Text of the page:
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Tennessee's Eastern Express Project Wins Certificate

Tennessee's Eastern Express Project Wins Certificate

FERC last week awarded Tennessee Gas Pipeline a certificate for its Eastern Express Project 2000 after it had satisfied all of the requirements of the new policy statement on gas pipeline construction.

The project will expand the pipeline's system by 288,000 Dth/d in Zone 6, providing an outlet for natural gas transported over the joint Maritimes & Northeast Pipeline/Portland Natural Gas Transportation System (PNGTS) facilities in the New England region. Tennessee's system will be expanded from where it will interconnect with the PNGTS/Maritimes joint system at Dracut and Haverhill, MA, to delivery points at Milford and Meriden, CT, and Mendon, MA.

".....[W]e find Tennessee's proposed project can proceed without subsidies from its existing customers, and expect it to provide public benefits without adverse impacts," the order said [CP99-262]. Additionally, FERC said the pipe could roll in the costs of the $28 million project in its next rate case barring "a significant change in the relevant facts and circumstances." Rolling in the costs will result in a rate decrease for existing shippers in Zone 6, Tennessee said.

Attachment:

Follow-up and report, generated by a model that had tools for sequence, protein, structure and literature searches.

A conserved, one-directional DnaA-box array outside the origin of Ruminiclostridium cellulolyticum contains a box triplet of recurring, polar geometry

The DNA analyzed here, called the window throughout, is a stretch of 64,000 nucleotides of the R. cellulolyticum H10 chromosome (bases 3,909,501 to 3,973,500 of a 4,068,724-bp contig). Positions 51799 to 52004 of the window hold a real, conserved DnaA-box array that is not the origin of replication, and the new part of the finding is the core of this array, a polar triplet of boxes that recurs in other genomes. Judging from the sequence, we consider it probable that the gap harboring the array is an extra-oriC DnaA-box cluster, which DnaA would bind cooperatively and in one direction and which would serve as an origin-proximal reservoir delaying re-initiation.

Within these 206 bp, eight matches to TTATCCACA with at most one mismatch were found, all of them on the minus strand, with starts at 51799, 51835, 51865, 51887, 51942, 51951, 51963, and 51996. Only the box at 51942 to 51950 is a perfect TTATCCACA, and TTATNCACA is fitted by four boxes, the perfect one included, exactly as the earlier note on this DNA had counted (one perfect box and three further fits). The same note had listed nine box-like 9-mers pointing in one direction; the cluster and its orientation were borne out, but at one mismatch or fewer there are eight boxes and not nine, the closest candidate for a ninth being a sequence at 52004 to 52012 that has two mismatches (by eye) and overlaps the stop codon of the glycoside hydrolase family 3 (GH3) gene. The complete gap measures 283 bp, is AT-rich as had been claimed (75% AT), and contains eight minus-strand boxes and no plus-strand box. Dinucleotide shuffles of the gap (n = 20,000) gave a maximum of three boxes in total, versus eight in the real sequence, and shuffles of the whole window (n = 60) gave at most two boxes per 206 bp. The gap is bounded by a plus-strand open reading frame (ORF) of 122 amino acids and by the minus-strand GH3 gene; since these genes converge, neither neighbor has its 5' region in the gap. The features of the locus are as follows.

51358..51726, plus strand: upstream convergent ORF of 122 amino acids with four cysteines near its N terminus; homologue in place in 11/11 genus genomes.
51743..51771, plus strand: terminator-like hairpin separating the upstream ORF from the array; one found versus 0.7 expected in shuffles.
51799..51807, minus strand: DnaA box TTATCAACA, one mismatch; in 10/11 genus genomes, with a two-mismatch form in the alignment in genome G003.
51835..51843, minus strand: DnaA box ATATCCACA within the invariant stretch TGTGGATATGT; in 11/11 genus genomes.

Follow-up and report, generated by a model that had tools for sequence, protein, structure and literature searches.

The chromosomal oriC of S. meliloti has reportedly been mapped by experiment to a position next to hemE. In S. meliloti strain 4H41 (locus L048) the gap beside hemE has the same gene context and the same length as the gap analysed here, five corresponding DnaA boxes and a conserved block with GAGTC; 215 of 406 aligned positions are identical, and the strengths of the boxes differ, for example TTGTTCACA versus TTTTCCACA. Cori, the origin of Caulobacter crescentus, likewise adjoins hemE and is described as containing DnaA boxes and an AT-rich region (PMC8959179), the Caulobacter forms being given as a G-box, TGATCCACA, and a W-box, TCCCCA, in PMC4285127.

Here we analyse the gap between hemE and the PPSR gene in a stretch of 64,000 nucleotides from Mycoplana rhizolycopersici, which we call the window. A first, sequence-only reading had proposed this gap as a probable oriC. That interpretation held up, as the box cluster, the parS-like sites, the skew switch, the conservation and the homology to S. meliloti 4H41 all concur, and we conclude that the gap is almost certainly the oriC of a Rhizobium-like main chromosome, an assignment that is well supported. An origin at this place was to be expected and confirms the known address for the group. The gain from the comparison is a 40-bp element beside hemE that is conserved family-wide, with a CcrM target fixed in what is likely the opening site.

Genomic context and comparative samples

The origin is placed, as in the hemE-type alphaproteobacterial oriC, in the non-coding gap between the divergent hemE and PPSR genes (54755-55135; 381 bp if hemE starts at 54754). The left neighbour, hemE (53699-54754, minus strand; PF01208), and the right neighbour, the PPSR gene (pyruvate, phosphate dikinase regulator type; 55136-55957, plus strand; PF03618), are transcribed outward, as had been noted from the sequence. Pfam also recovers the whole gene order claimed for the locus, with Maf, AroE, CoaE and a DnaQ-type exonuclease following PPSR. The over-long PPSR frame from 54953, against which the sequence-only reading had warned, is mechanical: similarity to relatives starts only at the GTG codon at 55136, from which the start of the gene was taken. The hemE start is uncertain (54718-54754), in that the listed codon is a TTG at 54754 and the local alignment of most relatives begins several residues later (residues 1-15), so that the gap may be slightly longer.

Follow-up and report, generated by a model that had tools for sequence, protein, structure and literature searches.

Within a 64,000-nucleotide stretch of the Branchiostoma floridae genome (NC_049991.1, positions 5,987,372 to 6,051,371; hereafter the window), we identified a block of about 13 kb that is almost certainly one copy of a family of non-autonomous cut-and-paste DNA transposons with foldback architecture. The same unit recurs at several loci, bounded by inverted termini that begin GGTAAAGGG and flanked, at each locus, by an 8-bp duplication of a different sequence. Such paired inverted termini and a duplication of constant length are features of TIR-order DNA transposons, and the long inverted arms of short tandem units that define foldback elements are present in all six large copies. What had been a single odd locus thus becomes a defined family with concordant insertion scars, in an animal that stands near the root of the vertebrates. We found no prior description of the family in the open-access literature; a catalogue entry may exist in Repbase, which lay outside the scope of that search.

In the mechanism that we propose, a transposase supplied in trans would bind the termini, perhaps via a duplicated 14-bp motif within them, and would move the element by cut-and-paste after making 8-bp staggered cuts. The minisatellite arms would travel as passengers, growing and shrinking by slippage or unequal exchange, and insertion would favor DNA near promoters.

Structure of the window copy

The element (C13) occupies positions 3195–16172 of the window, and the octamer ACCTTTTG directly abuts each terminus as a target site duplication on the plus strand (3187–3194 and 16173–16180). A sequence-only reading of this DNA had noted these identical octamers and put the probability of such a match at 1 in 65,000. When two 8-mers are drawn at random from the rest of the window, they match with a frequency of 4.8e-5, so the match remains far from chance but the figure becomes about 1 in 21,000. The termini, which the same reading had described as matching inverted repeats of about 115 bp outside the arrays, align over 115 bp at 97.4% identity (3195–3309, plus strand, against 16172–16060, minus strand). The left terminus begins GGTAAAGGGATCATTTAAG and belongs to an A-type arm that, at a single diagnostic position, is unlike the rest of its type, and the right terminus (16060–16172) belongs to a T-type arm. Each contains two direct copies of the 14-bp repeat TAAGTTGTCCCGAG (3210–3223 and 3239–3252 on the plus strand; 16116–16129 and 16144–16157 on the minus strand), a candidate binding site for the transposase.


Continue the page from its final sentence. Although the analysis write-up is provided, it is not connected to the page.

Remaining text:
Rolled-in pricing of the Eastern Express project is consistent with the Sept. 15 policy statement for another reason. The policy specified that such pricing would be permitted "in cases of inexpensive expansibility made possible by earlier, costly construction," the order noted. "This is such a case.".

The Commission also approved the proposed negotiated rates for the expansion shippers, which Tennessee said would be less than existing transportation rates for recourse shippers. "Under [our] policy.....the revenue shortfall due to the lower negotiated rates cannot be recovered from existing shippers. Therefore, our policy is to permit negotiated rates at lower than recourse rates in all cases, even to affiliates, and not only when lower rates are needed to compete for business," the order said.

Also favorable were Tennessee's binding precedent agreements for 173,000 Dth (60%) of the proposed 288,000 Dth/d capacity, FERC said. These precedent agreements "demonstrate that the estimated revenues from the proposed project exceed the cost of service by $43,084,914 over the ten-year primary period, and that the annual revenues will exceed annual costs in each of these ten years. Since the long-term project revenues exceed the project costs, it will not be subsidized by existing customers."

The Commission said it would require Tennessee to execute firm contracts "equal to the capacity in which Eastern Express Project 2000 shippers have committed themselves" before it can begin construction on the expansion.

Because the expansion will be accomplished mostly through additional compression, the FERC order said Tennessee's project "minimizes potential landowner objections.....and no eminent domain authority will be required."

Susan Parker

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